Forthcoming 2019: The Emerging Principles of Fourth Amendment Privacy


Forthcoming 2019

Forthcoming 2019 is a section from the Everyday Evidence Legal Blog that highlights recent papers from attorneys and professors from across the legal spectrum. These recent and soon-to-be publications offer readers a chance to see a wide range of issues from different legal fields.



Today’s Forthcoming 2019 features:

The Emerging Principles of Fourth Amendment Privacy

George Washington Law Review


Matthew Tokson



Abstract

The Fourth Amendment applies when the government violates a citizen’s “reasonable expectation of privacy.” But the Supreme Court has never explained what makes an expectation of privacy reasonable, and scholars regularly complain that this standard is incomprehensible and unworkable.

Yet the reasonable expectation of privacy standard may be more coherent than is currently recognized. The Supreme Court has decided more than forty reasonable expectation of privacy cases since the standard was developed. This Article is the first to analyze all of these decisions. It draws out three consistent principles that drive the Court’s assessments of Fourth Amendment privacy: the intimacy of the place or thing targeted; the amount of information sought; and the cost of the investigation.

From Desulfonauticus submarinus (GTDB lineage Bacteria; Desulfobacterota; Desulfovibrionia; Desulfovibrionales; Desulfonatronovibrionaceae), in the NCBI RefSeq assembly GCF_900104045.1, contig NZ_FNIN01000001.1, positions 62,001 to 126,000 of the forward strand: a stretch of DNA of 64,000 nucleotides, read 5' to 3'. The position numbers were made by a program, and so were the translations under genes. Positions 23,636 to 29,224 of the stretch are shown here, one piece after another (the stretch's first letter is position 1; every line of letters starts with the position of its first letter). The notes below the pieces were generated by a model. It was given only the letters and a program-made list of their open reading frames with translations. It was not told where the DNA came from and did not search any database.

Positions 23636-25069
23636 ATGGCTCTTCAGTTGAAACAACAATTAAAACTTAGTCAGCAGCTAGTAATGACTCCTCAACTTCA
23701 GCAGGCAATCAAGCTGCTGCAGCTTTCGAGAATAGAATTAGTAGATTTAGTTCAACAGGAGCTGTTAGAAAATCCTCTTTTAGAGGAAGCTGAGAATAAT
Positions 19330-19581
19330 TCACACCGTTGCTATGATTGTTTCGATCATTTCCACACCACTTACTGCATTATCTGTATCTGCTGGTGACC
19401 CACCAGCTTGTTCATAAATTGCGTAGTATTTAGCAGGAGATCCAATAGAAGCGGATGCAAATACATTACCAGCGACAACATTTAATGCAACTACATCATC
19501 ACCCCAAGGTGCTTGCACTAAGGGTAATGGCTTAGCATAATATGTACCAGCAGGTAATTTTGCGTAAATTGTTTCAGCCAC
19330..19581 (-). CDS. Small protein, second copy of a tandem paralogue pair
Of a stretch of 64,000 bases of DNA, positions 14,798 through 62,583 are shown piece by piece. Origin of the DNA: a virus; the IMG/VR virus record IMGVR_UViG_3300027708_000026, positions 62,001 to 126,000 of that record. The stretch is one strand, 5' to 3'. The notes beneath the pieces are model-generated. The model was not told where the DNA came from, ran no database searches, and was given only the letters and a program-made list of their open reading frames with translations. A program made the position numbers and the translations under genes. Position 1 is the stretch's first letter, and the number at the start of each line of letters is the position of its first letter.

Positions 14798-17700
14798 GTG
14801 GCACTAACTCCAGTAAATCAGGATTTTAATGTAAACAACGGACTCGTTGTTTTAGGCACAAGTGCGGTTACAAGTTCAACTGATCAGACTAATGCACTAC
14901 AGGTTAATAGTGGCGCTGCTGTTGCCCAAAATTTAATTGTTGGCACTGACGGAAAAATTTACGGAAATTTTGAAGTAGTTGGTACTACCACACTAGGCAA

The Article traces these principles through the Court’s Fourth Amendment jurisprudence, offering an explanatory account of a body of law often thought to be inexplicable. And it brings them forward, generating predictions for future cases involving novel surveillance technologies.

The Article makes several contributions to the Fourth Amendment literature. It develops a unified model of Fourth Amendment privacy, one that operates consistently across a variety of surveillance contexts. It details the Supreme Court’s growing acknowledgment of the principles of intimacy, amount, and cost. It makes the case for more overt recognition of these principles, which would have substantial benefits for Fourth Amendment jurisprudence and scholarship. And it offers a clear, comprehensible answer to the question of what violates a reasonable expectation of privacy.





Click here for article.



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